Hazel King ~
While much of the work of the Scholarly Communications team revolves around making published research Open Access, we also work on other projects, all with the aim of sharing outputs from researchers, students and library collections as widely as possible. This includes our special collections, housed in the archive in Headington library, and we’ve been working towards digitising some of these artefacts to make them accessible to those who are further afield and can’t necessarily make it to Oxford to view the physical materials.
One of the projects I’ve been working on recently has been the digitisation of one of our archive collections: the Booker Prize Archive. This includes correspondence, meeting minutes, photographs and other documents relating to this literary prize stretching back to its conception in 1968. The impetus to begin digitising this collection was the 50th anniversary year of the Man Booker Prize in 2018, and our archivist Eleanor Possart chose fifty items to publish online as part of the celebrations, which were also picked up by the press and used by the Booker Prize Foundation to promote the prize. At the same time, I started working my way through the documents from the first year of the prize and scanning and uploading as many documents as possible. Currently I’m working on the second year of the prize and will continue through the archive.
Our online Booker Prize Archive is hosted on the Oxford Brookes institutional repository, RADAR, alongside other special collections and archive materials. It’s all Open Access (i.e. freely available for anyone to explore and read) and can be viewed in several different ways, including by prize year, or through a search. The metadata I’ve uploaded with each document allows users to search for documents created by a certain person or for specific types of document e.g. correspondence or speeches. The full TreeRef reference number of each document is also available for those who are interested in coming to the library and viewing the original documents.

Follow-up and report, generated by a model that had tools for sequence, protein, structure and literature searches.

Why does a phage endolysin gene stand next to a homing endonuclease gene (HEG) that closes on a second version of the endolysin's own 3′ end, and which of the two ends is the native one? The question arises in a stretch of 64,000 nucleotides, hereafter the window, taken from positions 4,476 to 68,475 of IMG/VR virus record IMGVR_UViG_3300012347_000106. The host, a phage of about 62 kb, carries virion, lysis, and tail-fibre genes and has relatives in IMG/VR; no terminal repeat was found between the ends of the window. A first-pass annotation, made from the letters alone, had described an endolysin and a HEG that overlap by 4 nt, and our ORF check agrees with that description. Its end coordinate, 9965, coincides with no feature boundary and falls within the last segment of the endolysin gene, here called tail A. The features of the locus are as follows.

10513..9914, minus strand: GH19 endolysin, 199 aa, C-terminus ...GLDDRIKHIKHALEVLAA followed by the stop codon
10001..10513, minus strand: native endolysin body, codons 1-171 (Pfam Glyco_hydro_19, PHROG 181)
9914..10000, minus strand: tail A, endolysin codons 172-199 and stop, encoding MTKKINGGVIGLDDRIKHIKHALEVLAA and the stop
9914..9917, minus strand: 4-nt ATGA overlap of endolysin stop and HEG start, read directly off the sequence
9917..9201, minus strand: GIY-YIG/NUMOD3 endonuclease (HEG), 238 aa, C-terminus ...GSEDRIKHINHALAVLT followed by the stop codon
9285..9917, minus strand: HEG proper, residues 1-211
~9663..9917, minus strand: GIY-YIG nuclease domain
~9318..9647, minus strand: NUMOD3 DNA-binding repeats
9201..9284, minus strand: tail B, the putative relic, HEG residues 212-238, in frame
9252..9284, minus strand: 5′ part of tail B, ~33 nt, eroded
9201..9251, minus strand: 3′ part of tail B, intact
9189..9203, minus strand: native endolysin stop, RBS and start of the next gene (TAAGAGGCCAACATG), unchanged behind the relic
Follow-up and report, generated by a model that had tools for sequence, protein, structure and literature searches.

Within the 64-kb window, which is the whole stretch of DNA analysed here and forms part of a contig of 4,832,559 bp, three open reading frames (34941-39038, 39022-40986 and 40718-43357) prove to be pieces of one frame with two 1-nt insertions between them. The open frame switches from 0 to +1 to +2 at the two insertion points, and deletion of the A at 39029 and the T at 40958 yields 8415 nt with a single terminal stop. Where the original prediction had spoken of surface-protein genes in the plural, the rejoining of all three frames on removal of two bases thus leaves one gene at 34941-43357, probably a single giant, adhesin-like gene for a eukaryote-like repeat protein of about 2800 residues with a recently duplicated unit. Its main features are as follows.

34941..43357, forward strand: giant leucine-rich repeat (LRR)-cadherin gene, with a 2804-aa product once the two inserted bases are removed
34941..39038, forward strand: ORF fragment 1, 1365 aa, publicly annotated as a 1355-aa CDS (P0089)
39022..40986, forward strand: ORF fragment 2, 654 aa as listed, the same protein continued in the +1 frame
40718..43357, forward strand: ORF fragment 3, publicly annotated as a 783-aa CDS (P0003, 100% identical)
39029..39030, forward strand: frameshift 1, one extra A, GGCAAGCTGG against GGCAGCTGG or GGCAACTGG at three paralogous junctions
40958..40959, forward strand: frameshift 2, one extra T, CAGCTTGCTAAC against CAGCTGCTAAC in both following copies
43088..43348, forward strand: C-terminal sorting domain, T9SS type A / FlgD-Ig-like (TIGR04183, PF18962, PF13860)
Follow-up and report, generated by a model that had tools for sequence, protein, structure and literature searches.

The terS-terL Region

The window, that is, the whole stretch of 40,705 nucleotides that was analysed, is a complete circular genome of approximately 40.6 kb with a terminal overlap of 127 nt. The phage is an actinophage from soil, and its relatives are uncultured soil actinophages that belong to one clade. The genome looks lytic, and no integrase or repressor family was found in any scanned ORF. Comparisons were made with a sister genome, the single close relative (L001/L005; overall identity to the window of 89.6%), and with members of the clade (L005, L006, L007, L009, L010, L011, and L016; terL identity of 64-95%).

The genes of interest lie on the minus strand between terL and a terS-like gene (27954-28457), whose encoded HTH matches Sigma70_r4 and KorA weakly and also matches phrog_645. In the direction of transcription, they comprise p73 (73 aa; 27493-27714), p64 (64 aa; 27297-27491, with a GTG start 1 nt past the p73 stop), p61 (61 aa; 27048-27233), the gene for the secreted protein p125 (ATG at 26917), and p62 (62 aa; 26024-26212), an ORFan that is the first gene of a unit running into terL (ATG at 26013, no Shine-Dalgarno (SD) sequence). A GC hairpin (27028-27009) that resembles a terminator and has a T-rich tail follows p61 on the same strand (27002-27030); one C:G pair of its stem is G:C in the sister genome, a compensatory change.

Another way I’ve tried to make the documents more accessible is to create timelines, which bring together several documents to form a coherent narrative about some aspect of the prize. For example, there’s a timeline that shows the progression of how the Booker Prize got its name, including correspondence suggesting several names and even showing how initially ‘the Booker Prize’ was rejected out of hand. Some of the timelines encompass documents from a longer period of time and will continue to grow as we digitise more of the archive, for example a timeline of some of the many scandals involving the prize.
One of the main issues faced in digitising the documents has been acquiring permission from copyright holders. I have been scanning and uploading all documents, but for many of them the file has to be restricted because although Oxford Brookes owns the physical documents, the copyright is still held by the original creators of the individual documents. This means that unless the copyright holders give permission for their documents to be hosted online, only the metadata can be made available for public viewing but not the document itself. Of course, I have been making the necessary copyright requests, but permission is not always granted, and when contacting large organisations I sometimes haven’t received any response or have been asked to pay a fee, which we’re unable to do as the project doesn’t have a budget.
This is an ongoing project and I’m aiming to digitise as much of the collection as possible to provide access to as many people as possible. Not only is the Booker Prize of interest to scholars, but also to members of the public, publishers and writers, many of whom might not have known about the collection or might not have considered that visiting a university archive was an option available to them. By putting these materials online, we’re able to share some of the collection with an audience who would otherwise be beyond our reach.